There are certain circumstances in which SDLT can be deferred, but this is typically limited to where a transaction includes an amount that the buyer will only pay if some specific future event happens. This is known as ‘contingent consideration’. For example, if a developer agrees to pay an additional sum on condition that they get planning permission for redevelopment, SDLT will be payable on the assumption that the contingency will happen, but they can apply to defer payment of SDLT on the contingent amount.

Where a transaction includes a later payment which depends on an unknown variable, known as ‘uncertain or unascertained consideration’, such as future payments based on the turnover of a business, SDLT will be calculated on the basis of a ‘just and reasonable estimate’ of the amount involved. The buyer can either apply to defer payment of the unascertainable part or make an appropriate adjustment when the amount of consideration is certain.

How and when is stamp duty on commercial property paid?

You must submit your SDLT return to HMRC, and pay the tax due set out in that return, within 14 days of completion of the purchase of a commercial property. If you have a solicitor, agent or conveyancer, they will usually file your return and make the stamp duty payment on your behalf on the day of completion. They will then add the stamp duty to their fees. Alternatively, you can file a return and pay the tax yourself. You may be liable to pay a penalty and interest if you do not file your return and make your payment within the time required.

For most transactions under £150,000, you will still need to submit an SDLT return, even if there is no stamp duty to pay, unless the transaction is exempt, for example, you do not need to tell HMRC about a freehold purchase with a chargeable consideration of less than £40,000.

Can stamp duty on commercial property be avoided?

Avoiding stamp duty on commercial property is difficult, unless you can haggle the price to below the £150,000 threshold. You cannot usually use other forms of payment, other than cash, as their value will be included in the chargeable consideration. If the property is around the threshold level, or sitting between rate bands, one way of legitimately minimising any stamp duty payable is to pay for fixtures and fittings separately, although you should always seek specialist legal advice if you are looking to strike a deal like this. Depending on the value of those items this could be construed as a deliberate attempt to evade tax.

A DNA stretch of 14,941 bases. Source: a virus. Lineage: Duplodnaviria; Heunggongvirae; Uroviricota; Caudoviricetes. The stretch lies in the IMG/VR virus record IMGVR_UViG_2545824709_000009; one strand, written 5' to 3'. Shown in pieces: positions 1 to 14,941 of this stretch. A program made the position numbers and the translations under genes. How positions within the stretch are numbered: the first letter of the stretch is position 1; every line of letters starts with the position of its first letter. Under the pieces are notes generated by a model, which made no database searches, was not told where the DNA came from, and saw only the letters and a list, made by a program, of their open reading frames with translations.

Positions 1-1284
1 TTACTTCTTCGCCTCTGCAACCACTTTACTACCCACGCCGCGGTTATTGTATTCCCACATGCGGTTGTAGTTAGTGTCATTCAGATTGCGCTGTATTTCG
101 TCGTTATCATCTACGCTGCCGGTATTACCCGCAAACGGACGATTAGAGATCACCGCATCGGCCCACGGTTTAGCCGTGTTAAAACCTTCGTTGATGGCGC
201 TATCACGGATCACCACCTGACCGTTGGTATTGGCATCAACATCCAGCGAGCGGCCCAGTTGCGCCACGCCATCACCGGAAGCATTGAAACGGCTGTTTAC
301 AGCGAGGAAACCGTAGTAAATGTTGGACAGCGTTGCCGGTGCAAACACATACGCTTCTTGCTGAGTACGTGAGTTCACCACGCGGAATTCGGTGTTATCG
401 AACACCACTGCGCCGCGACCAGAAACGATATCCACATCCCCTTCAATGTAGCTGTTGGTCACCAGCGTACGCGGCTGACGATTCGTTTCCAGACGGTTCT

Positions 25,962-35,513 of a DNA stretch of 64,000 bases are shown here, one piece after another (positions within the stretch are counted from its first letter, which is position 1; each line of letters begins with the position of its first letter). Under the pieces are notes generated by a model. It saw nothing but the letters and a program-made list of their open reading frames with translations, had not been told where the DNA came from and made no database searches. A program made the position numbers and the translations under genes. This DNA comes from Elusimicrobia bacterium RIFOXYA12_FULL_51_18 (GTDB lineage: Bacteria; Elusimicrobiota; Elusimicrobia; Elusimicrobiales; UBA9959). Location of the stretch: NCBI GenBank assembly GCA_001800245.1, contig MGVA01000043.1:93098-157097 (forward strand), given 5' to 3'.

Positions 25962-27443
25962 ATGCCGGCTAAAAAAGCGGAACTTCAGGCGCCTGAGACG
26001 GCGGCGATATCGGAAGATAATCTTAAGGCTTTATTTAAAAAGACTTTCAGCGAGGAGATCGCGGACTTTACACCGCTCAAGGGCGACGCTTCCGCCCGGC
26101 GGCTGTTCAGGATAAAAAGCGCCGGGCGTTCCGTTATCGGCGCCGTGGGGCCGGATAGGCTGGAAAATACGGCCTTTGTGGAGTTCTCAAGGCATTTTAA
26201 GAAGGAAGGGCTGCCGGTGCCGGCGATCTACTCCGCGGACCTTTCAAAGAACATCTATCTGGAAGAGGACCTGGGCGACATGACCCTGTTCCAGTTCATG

You may also be able to reduce the amount of tax you pay by claiming certain reliefs. For example, you may be eligible for SDLT reliefs for multiple dwellings, or as a company transferring property to another company. However, again, expert legal advice should be sought here. Importantly, you must still complete an SDLT return to claim any relief to which you may be entitled under the SDLT relief rules, even if no tax is due.

Finally, even where stamp duty cannot be avoided or discounted, it is worth reminding yourself that SDLT commercial rates are much lower than the rates for residential property, especially when buying a second home, so the bill may not be as high as first anticipated.

Commercial stamp duty land tax FAQs

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Legal disclaimer

The matters contained in this article are intended to be for general information purposes only. This article does not constitute legal advice, nor is it a complete or authoritative statement of the law, and should not be treated as such. Whilst every effort is made to ensure that the information is correct, no warranty, express or implied, is given as to its accuracy and no liability is accepted for any error or omission. Before acting on any of the information contained herein, expert legal advice should be sought.


Gill Laing is a qualified Legal Researcher & Analyst with niche specialisms in Law, Tax, Human Resources, Immigration & Employment Law.

Gill is a Multiple Business Owner and the Managing Director of Prof Services - a Marketing Agency for the Professional Services Sector.